Wednesday night, in the second quarter of the Lakers second ugly loss to start the season, Steve Nash and Blazers rookie Damian Lillard collided and Nash was clearly hurt, heading to the locker room.
He came back out for the second half, but it quickly became clear that he was not right and he played just 1:16 before heading back to the locker room.
The Lakers are calling it a shin contusion and saying they don’t know if this will keep him out of Friday’s game against the Clippers. Nash will be re-evaluated on Thursday.
Nash said he wants to play but even he has no idea, as reported by Dave McMenamin of ESPNLosAngeles.com.
“I guess I wouldn’t want to say right now (whether he will play) but I’m definitely hopeful,” Nash told reporters after the game….
“It was sore but I went out to try and play and then I planted on it and it just kind of gave out on me,” Nash said. “It was sore and functionally I couldn’t plant on it, or push off on it, or accelerate.”
Nash had only 2 points and 4 assists in his limited play. While it didn’t seem like it to Lakers fans, the offense actually was better Wednesday night, putting up 106 points and scoring 113.1 points per 100 possessions. That will get you wins most nights… if you play any defense. But that has done the Lakers in two games in a row now — the Lakers gave up 108.7 points per 100 possessions to Dallas and then 113.1 to Portland. Keep playing like that over the course of the season and it would be one of the very worst defenses in the NBA (Charlotte was worst in the league at 110.4 last season).
Tonight the NBA All-Star Game starters will be announced. Then the coaches have a week to vote and the rest of the roster will be put together by them.
This year should see a few first-time All-Stars, guys bursting on the scene and grabbing fans attention — so we asked people on Twitter who they most wanted to see in his first All-Star Game and I break it down in this PBT Extra.
The winner? Giannis Antetokounmpo with 45 percent of the vote. Which shouldn’t be a surprise, he’s second in the fan voting for the frontcourt in the East (behind only LeBron James). Good news for those fans, the Greek Freak is almost guaranteed to be a starter, he’s getting plenty of media votes and likely a lot from the players as well.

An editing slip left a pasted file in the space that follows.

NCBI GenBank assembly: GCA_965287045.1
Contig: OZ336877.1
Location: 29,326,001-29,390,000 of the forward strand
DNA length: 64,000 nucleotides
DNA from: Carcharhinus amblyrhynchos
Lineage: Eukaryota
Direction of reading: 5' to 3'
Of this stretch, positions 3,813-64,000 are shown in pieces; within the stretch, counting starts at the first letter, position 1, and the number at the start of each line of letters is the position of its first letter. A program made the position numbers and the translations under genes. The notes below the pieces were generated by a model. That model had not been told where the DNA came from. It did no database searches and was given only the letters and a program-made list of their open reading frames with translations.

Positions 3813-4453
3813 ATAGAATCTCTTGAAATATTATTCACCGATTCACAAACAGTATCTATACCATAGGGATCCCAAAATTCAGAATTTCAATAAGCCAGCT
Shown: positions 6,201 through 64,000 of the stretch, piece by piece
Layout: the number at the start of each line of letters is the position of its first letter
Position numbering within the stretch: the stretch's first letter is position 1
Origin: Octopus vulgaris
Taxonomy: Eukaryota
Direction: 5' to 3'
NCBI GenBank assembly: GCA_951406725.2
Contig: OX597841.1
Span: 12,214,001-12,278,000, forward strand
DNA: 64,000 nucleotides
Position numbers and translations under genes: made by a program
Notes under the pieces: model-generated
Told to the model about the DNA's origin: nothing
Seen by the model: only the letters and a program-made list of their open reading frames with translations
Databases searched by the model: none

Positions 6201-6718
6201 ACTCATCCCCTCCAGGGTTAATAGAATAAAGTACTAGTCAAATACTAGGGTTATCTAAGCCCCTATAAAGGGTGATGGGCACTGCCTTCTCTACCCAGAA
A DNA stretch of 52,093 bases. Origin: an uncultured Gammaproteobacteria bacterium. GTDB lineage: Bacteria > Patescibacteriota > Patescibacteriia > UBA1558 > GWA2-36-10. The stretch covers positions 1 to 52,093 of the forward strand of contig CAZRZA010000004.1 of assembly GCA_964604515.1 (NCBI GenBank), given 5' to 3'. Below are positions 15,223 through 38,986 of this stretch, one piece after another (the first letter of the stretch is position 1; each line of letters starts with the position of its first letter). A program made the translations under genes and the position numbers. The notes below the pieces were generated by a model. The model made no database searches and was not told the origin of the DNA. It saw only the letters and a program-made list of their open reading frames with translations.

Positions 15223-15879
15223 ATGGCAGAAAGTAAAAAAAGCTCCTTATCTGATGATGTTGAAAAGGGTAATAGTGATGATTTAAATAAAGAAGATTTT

Second place in the poll? Joel Embiid of the Sixers. I’d love to see him, but will players and media members vote in a guy on a minutes restriction? Will the coaches pick him for that same reason? He is on the bubble.
Did Russell Westbrook and Kevin Durant talk during the Warriors’ win over the Thunder last night? Westbrook said no, though video and first-hand accounts indicate otherwise.
Even more clearly: Westbrook – who walked near teammates Enes Kanter, Anthony Morrow and Jerami Grant – didn’t want someone talking to someone as they left the floor after the game. ESPN caught Westbrook saying, “Don’t say what’s up to that b— a—.”
You will never convince anyone Westbrook is referring to anyone but Durant.
Between getting laid out by Zaza Pachulia and apparently talking with Kevin Durant, Russell Westbrook committed a travel for the ages.
The Thunder guard took an inbound pass against the Warriors and just started walking up court without dribbling. The violation was so blatant, NBA officials even called the travel.
And it’s not as if they’re inclined to blow a whistle in that situation. Before Westbrook, Kemba Walker set a high bar last season, but he got away with this walk:
Russell Westbrook deleted Kevin Durant‘s goodbye text and, months later, told the whole world they still hadn’t talked.
That apparently changed during the Warriors’ win over the Thunder yesterday – though not if you ask Westbrook.
Westbrook dunked in the third quarter, and according to ESPN commentator Mark Jackson, Westbrook told Durant, “Don’t jump.” Anthony Slater of The Mercury News also wrote of the same quote.
ESPN’s telecast caught Durant clearly speaking to Westbrook shortly after. It appears Westbrook is talking back, but his back is to the camera.
After the game, Westbrook denied the exchange:
- Reporter: “Are you and KD on speaking terms?”
- Westbrook: “Nah.”
- Reporter: “You guys had a little exchange in the third quarter.”
- Westbrook: “What exchange?”
- Reporter: “You and KD said something to each other.”
- Westbrook: “Oh. You gotta maybe sit closer to the game. You maybe didn’t see clearly.”
This is so Westbrook – stubborn to the point of denying reality.
That approach worked for him when everyone rightly told him he was a significantly lesser player than Durant. Westbrook ignored that fact until it became false.
I suspect he wants to forget this exchange so he can maintain a cold animosity toward someone he prefers to resent.